We are indoctrinated from the earliest age to accept hierarchies, starting with the defined structure in most family homes. ‘Hand-me-downs’ and size differences between siblings underscore top-down relationships in the home, while ‘might is right’ in the playground clarifies who is to be respected.
This hierarchical model continues throughout our academic journey with clear structures at school. At university this continues with chancellors, vice-chancellors, principals and heads of faculties.
By the time we enter the world of work we are accustomed to these power structures, and view our career paths as opportunities to progress through top-down hierarchies. But are hierarchies popular because they actually work?
The argument for less-hierarchical or ‘flatter’ organisations centres around there being less empire-building among leaders, less ‘siloed thinking’ so therefore improved collaboration, and greater innovation due to there being fewer layers. Theoretically employee voice should be stronger because it’s no longer being filtered through various levels of management.
Alternatives include self-managed teams wherein the leader is not visible and everyone takes ownership for collective success. Other models include hybrids wherein (a) there is no company-wide hierarchy but within teams there are hierarchies or (b) there is a hierarchy but within the teams themselves the structure is flat.
A number of organisations have introduced these self-managed teams or hybrids. While seemingly successful, there is insufficient empirical evidence that they are better placed than their competitors with hierarchical models. Business environments are complex; meaning there are many factors that contribute to an organisation’s success. So to gauge the impact of structure with any certainty is difficult.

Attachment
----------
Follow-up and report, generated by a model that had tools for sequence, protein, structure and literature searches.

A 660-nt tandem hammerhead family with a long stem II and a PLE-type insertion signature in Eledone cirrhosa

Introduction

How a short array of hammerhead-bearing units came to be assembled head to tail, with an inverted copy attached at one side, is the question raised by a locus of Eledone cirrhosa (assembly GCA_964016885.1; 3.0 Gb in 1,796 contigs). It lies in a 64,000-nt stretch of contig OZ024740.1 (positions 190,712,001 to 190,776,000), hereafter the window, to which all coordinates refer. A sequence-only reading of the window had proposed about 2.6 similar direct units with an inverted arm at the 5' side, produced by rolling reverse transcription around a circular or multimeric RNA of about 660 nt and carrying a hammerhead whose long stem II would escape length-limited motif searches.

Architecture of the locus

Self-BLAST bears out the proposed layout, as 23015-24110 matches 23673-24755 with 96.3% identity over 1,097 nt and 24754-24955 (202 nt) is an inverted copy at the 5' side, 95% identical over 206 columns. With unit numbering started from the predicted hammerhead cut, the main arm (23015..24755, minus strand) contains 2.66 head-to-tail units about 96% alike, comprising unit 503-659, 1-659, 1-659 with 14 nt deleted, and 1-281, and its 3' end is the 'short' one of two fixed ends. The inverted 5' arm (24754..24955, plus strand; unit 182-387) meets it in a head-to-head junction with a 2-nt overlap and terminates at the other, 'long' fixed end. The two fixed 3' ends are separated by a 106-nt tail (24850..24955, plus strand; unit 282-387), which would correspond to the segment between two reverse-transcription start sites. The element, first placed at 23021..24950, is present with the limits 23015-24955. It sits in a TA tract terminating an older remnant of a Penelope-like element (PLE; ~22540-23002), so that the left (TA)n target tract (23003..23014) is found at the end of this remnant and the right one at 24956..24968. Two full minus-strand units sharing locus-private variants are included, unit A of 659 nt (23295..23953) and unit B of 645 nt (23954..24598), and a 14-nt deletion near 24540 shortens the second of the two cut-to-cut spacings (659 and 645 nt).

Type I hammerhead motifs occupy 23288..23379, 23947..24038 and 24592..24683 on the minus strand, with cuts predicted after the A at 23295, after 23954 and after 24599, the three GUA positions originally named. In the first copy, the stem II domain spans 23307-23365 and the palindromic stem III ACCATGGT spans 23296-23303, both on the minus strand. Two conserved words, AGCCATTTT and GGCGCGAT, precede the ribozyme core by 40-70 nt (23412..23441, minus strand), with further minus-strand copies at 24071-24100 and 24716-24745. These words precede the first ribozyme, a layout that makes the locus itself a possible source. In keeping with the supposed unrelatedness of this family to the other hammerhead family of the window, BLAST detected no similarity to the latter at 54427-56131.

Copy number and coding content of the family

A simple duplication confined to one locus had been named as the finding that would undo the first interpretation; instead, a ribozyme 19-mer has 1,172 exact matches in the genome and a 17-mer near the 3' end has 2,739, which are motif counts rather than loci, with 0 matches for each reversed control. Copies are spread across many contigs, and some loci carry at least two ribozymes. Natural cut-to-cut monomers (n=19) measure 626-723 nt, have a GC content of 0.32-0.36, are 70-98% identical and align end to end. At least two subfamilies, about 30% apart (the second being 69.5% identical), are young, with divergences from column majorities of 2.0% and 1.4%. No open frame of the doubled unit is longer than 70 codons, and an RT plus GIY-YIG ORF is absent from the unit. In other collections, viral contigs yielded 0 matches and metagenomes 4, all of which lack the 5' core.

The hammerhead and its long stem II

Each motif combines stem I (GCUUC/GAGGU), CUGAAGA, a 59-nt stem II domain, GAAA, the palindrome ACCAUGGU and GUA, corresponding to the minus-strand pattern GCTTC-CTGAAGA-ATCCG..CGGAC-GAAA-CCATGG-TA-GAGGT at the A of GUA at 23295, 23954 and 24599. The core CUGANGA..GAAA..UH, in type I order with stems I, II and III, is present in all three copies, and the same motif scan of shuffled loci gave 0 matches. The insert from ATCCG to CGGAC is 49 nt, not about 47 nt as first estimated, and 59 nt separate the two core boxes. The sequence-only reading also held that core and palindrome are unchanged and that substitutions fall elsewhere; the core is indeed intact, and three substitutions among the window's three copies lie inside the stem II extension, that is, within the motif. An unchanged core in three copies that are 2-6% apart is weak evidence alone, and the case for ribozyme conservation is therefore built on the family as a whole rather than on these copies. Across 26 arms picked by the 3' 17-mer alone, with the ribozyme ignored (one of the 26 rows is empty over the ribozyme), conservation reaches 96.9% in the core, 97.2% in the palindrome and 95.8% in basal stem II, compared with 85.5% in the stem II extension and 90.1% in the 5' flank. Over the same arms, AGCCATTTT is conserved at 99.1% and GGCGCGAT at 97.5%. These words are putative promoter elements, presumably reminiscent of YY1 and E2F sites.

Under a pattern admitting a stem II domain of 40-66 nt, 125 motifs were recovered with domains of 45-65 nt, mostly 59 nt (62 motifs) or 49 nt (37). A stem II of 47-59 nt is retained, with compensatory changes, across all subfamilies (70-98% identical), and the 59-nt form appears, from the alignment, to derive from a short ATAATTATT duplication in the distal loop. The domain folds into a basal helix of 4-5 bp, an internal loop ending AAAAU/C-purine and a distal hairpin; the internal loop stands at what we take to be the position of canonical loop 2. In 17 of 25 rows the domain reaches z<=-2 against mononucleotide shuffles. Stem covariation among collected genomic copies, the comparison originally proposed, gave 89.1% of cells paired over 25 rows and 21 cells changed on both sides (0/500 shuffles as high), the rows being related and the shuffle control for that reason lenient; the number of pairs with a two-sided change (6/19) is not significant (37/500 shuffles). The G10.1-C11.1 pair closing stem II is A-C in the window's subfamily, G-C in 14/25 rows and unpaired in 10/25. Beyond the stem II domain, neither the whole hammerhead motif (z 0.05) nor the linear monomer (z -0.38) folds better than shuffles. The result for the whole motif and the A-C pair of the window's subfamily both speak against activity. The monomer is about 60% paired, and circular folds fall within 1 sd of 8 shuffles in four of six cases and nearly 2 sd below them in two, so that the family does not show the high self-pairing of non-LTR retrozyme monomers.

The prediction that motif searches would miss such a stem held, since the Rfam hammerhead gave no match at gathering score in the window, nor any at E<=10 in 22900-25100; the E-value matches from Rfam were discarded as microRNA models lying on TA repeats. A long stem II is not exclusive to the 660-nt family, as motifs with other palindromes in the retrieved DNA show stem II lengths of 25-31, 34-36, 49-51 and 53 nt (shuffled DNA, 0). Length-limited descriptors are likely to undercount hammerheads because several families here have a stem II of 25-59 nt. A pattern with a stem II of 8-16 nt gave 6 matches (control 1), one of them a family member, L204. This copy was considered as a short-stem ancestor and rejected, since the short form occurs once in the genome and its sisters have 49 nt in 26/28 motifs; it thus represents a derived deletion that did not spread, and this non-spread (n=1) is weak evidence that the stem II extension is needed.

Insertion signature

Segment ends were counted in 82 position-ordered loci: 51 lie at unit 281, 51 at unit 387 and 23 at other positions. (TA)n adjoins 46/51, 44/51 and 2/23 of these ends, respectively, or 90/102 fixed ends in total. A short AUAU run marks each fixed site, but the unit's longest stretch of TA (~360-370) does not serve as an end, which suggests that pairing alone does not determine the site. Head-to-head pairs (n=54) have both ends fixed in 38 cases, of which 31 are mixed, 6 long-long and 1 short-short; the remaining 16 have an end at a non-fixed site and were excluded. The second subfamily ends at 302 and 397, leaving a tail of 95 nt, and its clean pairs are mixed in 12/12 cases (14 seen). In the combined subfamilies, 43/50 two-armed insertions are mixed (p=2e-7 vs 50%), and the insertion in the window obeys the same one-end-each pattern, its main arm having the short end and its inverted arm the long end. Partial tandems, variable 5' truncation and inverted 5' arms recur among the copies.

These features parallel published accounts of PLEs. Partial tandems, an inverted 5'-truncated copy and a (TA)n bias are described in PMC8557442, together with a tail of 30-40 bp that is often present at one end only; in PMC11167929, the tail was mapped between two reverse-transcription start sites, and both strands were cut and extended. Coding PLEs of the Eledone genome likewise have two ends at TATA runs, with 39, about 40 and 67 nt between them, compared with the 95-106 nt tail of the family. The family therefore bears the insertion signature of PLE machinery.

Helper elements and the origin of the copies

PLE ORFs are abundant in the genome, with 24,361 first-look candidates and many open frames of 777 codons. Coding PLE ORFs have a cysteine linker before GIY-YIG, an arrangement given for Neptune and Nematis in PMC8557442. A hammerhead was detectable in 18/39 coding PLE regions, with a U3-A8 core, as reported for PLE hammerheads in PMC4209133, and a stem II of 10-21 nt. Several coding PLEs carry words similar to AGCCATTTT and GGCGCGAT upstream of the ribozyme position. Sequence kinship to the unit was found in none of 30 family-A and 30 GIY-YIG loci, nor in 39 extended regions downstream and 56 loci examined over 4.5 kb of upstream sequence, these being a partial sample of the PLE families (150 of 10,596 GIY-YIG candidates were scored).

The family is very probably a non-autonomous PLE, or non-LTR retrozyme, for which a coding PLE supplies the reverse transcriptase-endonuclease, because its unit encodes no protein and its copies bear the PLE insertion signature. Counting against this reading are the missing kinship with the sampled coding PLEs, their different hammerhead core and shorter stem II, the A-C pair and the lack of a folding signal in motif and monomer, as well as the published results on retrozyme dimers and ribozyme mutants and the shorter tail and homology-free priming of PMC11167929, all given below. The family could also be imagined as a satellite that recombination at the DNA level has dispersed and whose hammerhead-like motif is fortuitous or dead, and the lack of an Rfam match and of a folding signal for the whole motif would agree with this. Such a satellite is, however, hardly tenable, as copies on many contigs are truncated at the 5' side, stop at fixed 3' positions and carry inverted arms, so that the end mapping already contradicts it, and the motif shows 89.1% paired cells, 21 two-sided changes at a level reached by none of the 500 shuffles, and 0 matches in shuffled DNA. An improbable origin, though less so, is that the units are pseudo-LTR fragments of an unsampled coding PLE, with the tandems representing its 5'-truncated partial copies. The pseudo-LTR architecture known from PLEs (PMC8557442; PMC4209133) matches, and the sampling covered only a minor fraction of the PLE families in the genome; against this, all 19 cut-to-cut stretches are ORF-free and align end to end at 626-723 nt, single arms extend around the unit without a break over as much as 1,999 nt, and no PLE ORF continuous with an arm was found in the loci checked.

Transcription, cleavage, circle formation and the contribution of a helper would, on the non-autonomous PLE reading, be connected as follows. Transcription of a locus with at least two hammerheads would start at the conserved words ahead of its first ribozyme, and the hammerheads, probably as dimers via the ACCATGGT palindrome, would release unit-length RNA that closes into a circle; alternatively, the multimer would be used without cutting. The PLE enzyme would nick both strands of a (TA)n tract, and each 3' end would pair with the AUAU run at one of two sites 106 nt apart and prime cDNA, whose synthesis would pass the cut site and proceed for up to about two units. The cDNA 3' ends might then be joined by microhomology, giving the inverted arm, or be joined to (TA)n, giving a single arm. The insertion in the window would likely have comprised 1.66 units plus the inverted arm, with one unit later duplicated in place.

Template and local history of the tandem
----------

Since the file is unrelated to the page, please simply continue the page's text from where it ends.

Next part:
Even in self-managed models unofficial hierarchies can emerge. This can be because a long-serving staff member is regarded as more senior. They have institutional memory so de facto become the leader. Similarly being the technical specialist can confer a mantle of decision-making authority. A person’s charisma and character might also lead to others deferring to the ‘louder voice’ in the team.
Hierarchies are often reflected in the physical space in organisations: with the C-suite on the top floor, middle management on the middle floors, administrative functions lower down, and reception, logistics, warehousing etc. on the ground floor. Being physically structured in this way brings an additional cultural issue.
Recent reports (CIPD, Parker Review) have evidenced the absence of diversity in senior leadership teams in the majority of organisations, which are mostly hierarchical structures.
The implication is that even if there is difference in the lower ranks they are ‘out of sight’ and consequently ‘out of mind’. Sameness perpetuates sameness, aggravated by the absence of difference.
This sameness in the C-suite sends an unspoken message that to succeed one needs to ‘look like this’.
These hierarchical structures are designed for ‘command and control’, favouring a parent-child relationship between employer and employee. In my family the parent-child relationship has evolved as my children have grown into young adults, and I find them pushing against boundaries my wife and I have set. At times this can be painful. But I have learnt that treating them as equals with a voice and not as junior members of the family often leads to better conversations and agreement rather than conflict.
In the workplace this also holds true. Moving away from a parent-child relationship atypical of hierarchical organisations to a peer-to-peer relationship means both parties can be heard and contribute their best selves in the workplace.
Giving up power is not easy, which is probably why so many organisations remain hierarchical. But giving up power is the only way to empower others.
Shakil Butt is the former HR and OD director of Islamic Relief Worldwide